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Money and credit - Ivanov V.M.

6.2. Elements of the monetary system

Modern monetary systems in different countries, despite certain features, have many common features. They include the following elements: monetary unit; price scale; types of legal tender; emission system and state apparatus for regulating money circulation.

Monetary unit - a statutory banknote used to measure and express the prices of all goods and services. It is usually divided into small proportional parts. Most countries have a decimal division system (1 US dollar - 100 cents, 1 British pound sterling - 100 pence). The name of a monetary unit (national currency), as a rule, arises historically, but completely depends on the state, which fixes (or changes) this name with its legislative act. For example, in Russia - the ruble, India - the rupee, the United States - the dollar, Poland - the zloty.

By the way, the name "ruble" was assigned to the monetary unit of Russia many centuries ago. According to most researchers, this term comes from the word "chop." Silver bars of a certain form, which were called hryvnias, were cut and played a leading role in the money circulation of an even earlier (ruble) period.

After the collapse of the USSR and the declaration of the former union republics as sovereign states, the monetary system underwent changes. A number of republics introduced their national banknotes and gave them the corresponding names: for example, in Ukraine hryvnias began to be converted, in Lithuania - lits, in Latvia - lats.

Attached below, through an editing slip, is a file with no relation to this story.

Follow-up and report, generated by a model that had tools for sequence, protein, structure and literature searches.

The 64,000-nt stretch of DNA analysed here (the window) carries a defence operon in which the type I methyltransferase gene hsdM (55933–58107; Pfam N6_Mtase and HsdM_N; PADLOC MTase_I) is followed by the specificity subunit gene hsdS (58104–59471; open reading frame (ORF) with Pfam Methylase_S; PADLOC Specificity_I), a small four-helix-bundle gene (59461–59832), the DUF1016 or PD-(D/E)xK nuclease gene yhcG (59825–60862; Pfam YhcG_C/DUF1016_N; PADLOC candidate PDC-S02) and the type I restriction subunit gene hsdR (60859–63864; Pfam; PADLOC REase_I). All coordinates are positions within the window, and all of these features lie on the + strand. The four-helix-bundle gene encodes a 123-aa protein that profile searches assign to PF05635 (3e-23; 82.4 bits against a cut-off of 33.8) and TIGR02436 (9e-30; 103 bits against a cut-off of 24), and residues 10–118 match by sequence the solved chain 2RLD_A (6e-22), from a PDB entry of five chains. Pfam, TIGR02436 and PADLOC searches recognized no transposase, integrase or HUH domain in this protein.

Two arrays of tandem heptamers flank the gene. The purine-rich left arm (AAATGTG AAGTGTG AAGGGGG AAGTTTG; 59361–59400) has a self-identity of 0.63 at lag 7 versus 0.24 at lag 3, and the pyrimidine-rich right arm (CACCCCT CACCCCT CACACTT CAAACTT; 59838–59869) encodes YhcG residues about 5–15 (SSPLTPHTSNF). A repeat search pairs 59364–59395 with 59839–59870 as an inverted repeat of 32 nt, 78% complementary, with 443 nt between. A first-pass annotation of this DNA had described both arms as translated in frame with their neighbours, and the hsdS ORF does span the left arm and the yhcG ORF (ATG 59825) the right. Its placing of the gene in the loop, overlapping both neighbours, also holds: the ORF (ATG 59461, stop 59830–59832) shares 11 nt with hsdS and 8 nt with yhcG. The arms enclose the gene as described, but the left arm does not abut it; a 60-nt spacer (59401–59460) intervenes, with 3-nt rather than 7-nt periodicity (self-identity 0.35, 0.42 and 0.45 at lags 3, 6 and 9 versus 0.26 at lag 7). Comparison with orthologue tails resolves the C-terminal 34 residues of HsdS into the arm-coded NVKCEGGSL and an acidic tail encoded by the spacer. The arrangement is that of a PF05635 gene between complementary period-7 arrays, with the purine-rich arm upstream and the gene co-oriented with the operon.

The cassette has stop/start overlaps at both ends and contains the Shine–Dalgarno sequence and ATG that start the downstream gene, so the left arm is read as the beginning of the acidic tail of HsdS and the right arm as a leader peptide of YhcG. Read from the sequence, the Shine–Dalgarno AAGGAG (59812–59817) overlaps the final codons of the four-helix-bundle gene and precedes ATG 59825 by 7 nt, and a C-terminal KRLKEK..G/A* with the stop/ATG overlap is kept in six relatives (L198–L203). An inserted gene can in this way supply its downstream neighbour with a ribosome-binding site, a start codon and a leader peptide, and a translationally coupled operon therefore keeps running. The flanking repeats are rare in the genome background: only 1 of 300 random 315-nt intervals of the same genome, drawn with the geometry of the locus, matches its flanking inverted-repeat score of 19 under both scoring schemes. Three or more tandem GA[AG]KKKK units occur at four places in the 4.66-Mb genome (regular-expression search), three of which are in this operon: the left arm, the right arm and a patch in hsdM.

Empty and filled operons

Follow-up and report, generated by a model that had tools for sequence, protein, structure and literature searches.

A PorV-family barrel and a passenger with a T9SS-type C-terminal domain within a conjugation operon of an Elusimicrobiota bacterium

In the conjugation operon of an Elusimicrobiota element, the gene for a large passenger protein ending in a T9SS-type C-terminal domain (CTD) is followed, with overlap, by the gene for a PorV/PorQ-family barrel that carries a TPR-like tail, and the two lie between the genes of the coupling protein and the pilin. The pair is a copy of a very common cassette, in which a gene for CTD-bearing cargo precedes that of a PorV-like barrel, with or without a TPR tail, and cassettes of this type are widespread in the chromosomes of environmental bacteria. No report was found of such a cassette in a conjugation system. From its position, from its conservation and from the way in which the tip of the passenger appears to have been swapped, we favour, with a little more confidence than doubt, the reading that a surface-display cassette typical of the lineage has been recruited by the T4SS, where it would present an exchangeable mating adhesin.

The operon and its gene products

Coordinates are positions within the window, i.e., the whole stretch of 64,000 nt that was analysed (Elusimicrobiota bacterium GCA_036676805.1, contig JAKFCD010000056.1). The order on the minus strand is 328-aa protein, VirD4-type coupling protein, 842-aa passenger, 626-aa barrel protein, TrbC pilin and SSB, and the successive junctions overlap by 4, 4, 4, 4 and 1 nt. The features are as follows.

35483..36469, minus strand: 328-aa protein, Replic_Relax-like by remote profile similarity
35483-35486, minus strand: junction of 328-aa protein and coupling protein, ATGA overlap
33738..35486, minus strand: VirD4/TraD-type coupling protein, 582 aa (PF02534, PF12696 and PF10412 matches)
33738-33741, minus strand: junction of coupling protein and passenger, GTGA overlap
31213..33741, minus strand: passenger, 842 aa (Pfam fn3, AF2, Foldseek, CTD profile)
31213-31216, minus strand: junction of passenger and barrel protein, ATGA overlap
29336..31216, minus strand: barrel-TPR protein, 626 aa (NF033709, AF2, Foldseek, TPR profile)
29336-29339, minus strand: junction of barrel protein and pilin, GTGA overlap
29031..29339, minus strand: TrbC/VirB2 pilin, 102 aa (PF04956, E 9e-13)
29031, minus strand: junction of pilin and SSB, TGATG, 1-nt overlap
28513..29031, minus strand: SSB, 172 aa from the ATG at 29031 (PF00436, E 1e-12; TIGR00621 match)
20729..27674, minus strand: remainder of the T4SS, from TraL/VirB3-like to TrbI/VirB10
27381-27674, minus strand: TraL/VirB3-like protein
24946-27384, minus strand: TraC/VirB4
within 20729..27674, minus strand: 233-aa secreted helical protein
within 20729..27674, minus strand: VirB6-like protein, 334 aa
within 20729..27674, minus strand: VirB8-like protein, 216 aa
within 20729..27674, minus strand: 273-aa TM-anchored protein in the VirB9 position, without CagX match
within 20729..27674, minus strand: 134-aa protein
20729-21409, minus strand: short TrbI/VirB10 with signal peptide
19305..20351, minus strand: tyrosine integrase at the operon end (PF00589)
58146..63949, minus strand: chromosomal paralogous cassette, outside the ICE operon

Hryvnia is a monetary and weight unit of Kievan Rus from the time of Yaroslav the Wise. The weight of the hryvnia is approximately equal to a pound of silver. The name comes from the name of a hoop of gold or silver, which women wore around their neck as a piece of jewelry. For convenience, the hoops were cut into pieces that independently entered into circulation. This served as the basis for the name of the monetary unit - the ruble. During the time of the UPR (1918-1920), credit tickets of the State Bank of Ukraine - hryvnia - were issued. In 1991, after independence, based on a thousand-year tradition, the Supreme Council of Ukraine decided to name the hryvnia the monetary unit of Ukraine.

Price scale - a means of expressing value in monetary units, based on a state-fixed weight quantity of monetary metal in a monetary unit. Usually, with the formation of new monetary systems, the implementation of monetary reforms, devaluations and revaluations, the state also established the gold content of the monetary unit by law, which was an important element of the country's pricing system. For example, when the ruble was denominated in 1961, its gold content was set at 0.987412 g of pure gold, although no exchange of issued bank notes was made for gold. By the way, now no country in the world is exchanging banknotes for gold. In those countries where the gold content of monetary units is legally preserved, it has lost its economic meaning. The price scale is actually formed under the influence of supply and demand, serves to measure the value of goods through prices.